So you've read our overview blog post from last week about implementing your content strategy (if not we'd recommend you taking a read). But now it’s time to get into the gritty detail of each step.
The first step (and in our opinion most important): how to target your audience. Here are our 4 top things you should be thinking about:
1. Who do you want to be pitching to in your dream scenario?
Trust us this is SO worthwhile! You need to get your imagination flowing and think about sitting across the desk to your ideal client. Who is that person?
Now, don’t worry if there are more than one of these guys across your made up mahogany office desk - trust us, as a production company who works with brands, commissioners and agencies we have many ideal candidates sitting across our desk! However, if it helps, ask yourself questions like: what role would this person have, how big would their company be, where would it be location wise, where can you engage with them? It will help you create a big old list of people you want to reach out to.
For instance, for Mattr Media Jane is our wonderful in house marketer. She is:
✓ A senior marketer working for a small London based brand or organisation
✓ With a company with staff of no more than 100 people
✓ Somewhere with poor or no in house production capabilities
✓ Shows an appetite for content (as exemplified by her blog and groups she's in on Linkedin)
✓ Somewhere with a turnover of £5m and healthy profits to report on.
2. What are your target audience’s wants and needs?
Once you've worked out who you're looking to target, you need to then get into their heads and figure out how they’re going to be judged at being good at what they do. That tends to lead you to realise what they want and need.
So, using Jane as our example, she probably wants her brand to be a market leader in providing value for it’s customers, she also wants to be creating exciting content in a smart, fresh and innovative way (because who doesn’t). However, she needs to prove return on investment (ROI) to her bosses and show that they’re ahead of the competition.
3. Are you sure these are your target audience’s wants and needs?
Up till now you’ve only used intuition. It’s now about putting meat on your intuitive bones. Here are a few ways you can do that:
Use handy tools like Google Trends and Adwords to see what people are searching for (don’t worry, we are going to go into more detail for keyword analysis in forthcoming blogs). But for example, we found “Social Media Video” a hot trending topic, which made us change part of our objective to helping people understand social video better (as opposed to generic “video content marketing”).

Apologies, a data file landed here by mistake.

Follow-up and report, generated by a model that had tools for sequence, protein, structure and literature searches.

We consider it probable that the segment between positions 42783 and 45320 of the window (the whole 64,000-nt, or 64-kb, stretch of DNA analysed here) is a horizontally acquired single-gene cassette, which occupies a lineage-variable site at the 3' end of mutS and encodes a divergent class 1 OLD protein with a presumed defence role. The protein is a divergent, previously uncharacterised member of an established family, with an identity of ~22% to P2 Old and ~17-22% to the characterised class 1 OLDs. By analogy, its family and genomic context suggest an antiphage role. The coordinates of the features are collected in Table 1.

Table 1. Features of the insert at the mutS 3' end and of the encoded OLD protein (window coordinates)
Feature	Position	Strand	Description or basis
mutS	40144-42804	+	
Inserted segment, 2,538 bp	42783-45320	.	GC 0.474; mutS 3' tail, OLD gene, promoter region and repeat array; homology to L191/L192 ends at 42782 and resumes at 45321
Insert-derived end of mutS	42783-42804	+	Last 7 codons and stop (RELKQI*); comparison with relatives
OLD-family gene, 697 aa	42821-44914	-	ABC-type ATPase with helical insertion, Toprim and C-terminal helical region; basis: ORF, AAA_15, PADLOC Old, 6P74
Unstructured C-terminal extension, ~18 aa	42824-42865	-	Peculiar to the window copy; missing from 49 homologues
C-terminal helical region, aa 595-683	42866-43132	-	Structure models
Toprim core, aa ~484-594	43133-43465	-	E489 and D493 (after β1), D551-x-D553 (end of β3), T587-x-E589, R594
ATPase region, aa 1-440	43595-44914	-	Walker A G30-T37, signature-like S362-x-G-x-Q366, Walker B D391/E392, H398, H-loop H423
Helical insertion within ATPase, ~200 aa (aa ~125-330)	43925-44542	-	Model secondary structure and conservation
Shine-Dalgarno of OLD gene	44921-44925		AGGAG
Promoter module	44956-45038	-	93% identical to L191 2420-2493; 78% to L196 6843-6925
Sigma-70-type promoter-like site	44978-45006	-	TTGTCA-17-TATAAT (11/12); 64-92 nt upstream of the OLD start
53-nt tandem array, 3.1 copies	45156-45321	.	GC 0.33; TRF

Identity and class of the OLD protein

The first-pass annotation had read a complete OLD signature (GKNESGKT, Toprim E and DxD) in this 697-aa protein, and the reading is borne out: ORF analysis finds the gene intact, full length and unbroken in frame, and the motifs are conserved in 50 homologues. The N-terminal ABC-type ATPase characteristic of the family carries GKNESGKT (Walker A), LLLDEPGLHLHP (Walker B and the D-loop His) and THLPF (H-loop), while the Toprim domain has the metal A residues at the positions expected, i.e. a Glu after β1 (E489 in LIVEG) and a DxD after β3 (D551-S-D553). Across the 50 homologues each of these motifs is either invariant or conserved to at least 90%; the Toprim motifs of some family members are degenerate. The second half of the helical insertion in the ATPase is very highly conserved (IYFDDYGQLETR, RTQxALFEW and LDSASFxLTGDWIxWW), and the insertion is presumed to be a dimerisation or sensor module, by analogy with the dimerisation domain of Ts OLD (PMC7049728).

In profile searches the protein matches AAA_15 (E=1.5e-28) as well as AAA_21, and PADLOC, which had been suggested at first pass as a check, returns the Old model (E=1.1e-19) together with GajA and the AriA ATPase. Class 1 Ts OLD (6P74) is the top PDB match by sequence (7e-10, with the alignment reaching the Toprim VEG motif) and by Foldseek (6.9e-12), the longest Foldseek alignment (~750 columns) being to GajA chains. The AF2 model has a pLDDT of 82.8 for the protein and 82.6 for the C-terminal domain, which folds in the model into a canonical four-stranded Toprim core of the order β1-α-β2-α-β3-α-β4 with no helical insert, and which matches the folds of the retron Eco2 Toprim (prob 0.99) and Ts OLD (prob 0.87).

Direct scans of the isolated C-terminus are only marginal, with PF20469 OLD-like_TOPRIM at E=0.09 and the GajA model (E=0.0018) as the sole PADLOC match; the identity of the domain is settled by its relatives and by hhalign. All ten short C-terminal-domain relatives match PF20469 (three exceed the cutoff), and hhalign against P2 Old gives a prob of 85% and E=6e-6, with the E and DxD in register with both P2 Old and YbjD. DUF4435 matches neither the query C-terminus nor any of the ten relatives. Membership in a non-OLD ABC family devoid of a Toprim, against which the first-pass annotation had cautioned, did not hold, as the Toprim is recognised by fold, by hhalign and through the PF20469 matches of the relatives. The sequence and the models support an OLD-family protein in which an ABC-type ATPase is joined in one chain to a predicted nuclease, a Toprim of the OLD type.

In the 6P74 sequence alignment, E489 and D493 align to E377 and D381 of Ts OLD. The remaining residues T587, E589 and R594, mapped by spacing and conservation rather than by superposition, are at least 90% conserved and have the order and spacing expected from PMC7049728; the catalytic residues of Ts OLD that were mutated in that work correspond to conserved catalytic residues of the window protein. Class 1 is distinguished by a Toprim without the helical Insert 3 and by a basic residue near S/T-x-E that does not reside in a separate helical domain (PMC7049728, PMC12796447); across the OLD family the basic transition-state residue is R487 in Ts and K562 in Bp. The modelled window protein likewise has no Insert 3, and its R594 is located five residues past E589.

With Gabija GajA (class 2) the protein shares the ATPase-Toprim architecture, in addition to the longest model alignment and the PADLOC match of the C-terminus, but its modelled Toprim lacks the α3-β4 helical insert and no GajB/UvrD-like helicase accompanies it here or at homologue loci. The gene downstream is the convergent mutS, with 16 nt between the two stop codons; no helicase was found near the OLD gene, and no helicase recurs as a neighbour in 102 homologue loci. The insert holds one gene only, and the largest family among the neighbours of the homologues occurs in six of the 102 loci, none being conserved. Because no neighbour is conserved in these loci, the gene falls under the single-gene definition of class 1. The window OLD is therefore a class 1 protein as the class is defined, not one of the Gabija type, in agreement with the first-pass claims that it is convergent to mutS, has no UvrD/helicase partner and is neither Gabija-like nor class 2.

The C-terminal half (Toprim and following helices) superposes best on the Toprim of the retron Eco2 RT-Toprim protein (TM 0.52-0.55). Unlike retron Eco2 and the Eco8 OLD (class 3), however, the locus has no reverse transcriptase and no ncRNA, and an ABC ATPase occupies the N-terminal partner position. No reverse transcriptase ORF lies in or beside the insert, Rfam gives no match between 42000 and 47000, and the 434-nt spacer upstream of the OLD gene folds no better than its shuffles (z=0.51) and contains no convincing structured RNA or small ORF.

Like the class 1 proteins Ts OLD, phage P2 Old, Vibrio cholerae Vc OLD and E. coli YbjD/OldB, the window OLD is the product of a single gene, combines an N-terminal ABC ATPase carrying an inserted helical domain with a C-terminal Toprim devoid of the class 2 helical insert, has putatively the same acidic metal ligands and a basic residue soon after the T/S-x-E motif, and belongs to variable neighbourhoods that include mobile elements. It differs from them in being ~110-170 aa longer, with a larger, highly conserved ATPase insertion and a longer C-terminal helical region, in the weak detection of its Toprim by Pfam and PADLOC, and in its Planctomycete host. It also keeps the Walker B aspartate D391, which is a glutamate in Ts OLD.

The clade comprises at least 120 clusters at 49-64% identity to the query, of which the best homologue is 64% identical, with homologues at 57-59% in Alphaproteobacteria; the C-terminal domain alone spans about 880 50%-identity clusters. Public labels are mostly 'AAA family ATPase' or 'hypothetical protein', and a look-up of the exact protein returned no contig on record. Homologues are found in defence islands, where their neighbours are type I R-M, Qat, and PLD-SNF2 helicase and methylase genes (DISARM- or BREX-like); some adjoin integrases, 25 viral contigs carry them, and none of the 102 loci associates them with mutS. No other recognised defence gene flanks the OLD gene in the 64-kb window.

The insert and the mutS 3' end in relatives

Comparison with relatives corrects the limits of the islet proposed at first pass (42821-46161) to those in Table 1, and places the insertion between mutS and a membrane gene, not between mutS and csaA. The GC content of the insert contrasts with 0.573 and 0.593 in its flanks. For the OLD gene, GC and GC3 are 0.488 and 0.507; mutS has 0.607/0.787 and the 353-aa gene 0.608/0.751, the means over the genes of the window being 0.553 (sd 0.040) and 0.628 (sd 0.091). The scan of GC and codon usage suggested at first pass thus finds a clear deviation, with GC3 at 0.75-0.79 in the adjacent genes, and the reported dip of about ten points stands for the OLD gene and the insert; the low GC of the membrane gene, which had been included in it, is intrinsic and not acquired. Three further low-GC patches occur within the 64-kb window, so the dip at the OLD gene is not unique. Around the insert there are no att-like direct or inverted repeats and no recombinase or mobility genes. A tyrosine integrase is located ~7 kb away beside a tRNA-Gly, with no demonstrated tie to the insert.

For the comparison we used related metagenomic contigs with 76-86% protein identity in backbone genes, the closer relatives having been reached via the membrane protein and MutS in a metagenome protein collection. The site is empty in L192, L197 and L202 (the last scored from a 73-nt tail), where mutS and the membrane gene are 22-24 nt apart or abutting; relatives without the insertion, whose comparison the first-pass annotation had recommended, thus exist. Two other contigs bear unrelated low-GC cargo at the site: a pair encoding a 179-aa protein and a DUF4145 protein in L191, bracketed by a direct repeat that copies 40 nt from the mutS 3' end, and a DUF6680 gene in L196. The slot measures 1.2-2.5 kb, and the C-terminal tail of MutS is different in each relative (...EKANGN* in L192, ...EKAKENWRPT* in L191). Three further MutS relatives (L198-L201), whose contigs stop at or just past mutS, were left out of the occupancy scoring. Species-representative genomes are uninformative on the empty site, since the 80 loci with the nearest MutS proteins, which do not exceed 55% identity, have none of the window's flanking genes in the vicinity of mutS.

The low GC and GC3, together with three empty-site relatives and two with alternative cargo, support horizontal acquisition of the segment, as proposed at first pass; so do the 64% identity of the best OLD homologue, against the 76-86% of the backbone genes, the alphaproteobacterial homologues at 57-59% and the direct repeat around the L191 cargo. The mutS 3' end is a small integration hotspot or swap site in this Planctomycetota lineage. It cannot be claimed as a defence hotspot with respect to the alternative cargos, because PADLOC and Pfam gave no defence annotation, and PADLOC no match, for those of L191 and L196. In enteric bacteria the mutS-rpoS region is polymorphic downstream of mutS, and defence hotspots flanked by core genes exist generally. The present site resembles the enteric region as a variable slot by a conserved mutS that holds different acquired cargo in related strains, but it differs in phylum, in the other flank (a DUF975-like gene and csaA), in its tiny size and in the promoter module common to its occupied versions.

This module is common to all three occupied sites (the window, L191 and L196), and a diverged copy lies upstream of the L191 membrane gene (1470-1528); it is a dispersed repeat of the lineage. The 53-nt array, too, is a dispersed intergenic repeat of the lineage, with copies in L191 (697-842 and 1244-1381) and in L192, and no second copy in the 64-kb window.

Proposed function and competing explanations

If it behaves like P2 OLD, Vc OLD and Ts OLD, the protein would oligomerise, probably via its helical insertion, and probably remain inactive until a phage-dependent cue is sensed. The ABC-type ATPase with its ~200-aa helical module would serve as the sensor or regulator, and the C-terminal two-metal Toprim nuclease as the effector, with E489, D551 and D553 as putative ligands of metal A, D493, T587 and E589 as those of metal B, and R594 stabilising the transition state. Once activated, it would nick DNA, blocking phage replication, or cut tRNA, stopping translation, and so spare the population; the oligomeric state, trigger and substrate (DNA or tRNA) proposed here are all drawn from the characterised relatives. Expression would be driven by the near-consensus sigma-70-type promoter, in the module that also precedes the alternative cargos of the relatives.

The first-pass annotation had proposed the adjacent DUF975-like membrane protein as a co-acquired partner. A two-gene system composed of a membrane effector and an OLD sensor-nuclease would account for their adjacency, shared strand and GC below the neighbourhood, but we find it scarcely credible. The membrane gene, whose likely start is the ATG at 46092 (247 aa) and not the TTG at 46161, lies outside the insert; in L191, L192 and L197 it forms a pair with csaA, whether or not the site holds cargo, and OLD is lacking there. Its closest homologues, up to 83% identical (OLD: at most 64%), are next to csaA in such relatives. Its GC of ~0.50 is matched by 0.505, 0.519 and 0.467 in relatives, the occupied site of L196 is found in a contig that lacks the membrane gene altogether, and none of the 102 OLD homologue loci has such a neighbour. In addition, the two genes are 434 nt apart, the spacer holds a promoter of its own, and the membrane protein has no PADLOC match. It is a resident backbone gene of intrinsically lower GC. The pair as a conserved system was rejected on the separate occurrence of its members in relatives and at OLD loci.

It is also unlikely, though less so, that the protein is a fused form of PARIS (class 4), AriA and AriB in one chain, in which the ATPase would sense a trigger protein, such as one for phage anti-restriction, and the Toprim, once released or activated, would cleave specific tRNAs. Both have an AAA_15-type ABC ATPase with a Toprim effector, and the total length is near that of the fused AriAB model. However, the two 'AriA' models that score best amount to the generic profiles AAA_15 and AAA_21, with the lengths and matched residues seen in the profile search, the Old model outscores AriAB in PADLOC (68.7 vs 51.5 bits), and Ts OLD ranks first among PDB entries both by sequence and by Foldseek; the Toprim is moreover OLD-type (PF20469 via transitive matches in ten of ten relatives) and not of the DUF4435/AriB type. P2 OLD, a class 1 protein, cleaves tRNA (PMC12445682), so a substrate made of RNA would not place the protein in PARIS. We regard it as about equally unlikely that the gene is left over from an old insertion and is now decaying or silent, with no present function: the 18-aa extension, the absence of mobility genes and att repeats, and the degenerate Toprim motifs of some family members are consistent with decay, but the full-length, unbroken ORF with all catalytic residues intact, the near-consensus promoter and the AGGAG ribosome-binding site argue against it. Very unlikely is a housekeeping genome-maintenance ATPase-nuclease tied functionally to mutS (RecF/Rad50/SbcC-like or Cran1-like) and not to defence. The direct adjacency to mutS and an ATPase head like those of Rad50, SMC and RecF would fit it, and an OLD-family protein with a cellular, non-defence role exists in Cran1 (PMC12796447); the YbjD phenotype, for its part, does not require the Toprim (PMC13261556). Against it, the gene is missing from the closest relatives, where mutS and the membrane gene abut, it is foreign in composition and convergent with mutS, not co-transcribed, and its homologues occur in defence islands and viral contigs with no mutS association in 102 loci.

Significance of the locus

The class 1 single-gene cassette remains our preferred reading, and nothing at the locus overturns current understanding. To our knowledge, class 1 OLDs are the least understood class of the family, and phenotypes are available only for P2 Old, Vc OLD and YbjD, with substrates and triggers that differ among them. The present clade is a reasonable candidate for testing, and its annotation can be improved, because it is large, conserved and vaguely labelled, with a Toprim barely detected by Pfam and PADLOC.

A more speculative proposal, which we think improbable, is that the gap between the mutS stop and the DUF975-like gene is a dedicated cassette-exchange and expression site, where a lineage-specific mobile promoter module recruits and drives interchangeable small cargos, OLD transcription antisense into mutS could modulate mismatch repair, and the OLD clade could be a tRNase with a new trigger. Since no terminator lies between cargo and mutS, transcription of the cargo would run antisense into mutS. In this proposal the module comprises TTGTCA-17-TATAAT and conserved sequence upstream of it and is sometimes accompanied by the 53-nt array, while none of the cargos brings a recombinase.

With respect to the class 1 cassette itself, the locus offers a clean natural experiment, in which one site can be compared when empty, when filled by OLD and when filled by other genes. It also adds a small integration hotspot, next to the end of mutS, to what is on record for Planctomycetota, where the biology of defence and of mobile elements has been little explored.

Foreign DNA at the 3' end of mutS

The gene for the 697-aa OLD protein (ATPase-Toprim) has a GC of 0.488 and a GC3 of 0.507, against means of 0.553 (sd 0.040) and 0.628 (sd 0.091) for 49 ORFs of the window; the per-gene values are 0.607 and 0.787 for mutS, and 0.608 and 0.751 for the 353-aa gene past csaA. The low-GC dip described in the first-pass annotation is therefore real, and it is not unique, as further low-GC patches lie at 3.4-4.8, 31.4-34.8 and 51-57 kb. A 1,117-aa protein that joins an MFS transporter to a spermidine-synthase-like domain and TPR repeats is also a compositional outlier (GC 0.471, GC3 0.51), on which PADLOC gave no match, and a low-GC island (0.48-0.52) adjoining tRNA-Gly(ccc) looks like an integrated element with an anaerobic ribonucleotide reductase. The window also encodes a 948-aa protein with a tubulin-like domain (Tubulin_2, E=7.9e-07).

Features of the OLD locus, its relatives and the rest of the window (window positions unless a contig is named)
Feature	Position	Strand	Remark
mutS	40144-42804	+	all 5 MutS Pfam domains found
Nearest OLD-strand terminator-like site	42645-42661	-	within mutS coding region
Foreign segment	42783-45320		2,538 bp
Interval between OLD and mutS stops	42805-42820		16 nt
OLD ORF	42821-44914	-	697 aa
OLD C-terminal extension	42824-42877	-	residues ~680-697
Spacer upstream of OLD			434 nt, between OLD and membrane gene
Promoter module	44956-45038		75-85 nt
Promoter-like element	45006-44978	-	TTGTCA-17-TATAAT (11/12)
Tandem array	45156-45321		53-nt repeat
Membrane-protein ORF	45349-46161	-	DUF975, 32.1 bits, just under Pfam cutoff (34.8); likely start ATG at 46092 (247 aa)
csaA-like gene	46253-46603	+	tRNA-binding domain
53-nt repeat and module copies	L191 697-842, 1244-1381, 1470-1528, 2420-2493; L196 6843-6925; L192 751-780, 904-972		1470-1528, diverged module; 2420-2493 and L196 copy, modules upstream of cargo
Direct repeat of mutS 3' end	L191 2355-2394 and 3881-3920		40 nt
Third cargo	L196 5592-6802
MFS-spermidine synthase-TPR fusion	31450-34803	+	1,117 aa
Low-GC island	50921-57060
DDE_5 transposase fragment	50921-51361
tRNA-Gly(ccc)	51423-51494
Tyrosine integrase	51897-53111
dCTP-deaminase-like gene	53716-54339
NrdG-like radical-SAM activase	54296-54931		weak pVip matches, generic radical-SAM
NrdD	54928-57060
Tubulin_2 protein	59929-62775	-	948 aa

Take a look at what your competitors are producing - what are they making that makes you say ‘our clients would love that’ and what are they NOT making that you think they should? e.g. we noticed none of our competition spoke about meaningful UK branded content (much was focused on 'virals').
Here’s a crazy idea, have you ever thought about just phoning up clients and asking them what they like to read and watch to help them with work, or what they would love your kind of company to help them with? Not only does it help you figure out the kind of content you should create, but it also gives you the excuse to tell your customers about the amazing additional value you’re hoping to provide them from the answers they provide you!
What about stuff you check out? Think about the relevant industry publications, blogs or channels that you read, listen to or watch regularly. At the end of the day, if you can emulate these people, you’re doing well. For instance, we really enjoy reading Brand Republic’s viral chart that is compiled by Unruly, so because we are constantly sharing positive content with each other on Slack and social media, we thought why not take the content and create a weekly round up of the content that Mattr’s?
4. Test: The last supper
You’re so nearly there. However, if you can’t paint a picture of a dinner party full of your audience bitching to each other about what they hate about their jobs and you interrupting telling how you can help, then you need to start again!
How do we know? Well, let's think back to Jane:
She doesn't know how to tell great stories through film and is scared she won't be able to justify the cost to her boss. Well, we will provide her with tools to help her do that.
I’m sure there are other ways to do this, but we found the above a super simple, logical and effective way to help us create content that is of value for our target audience. So, try it out and hopefully you’ll find it of use!
Thanks to 'joethegoatfarmer' for the awesome graphics!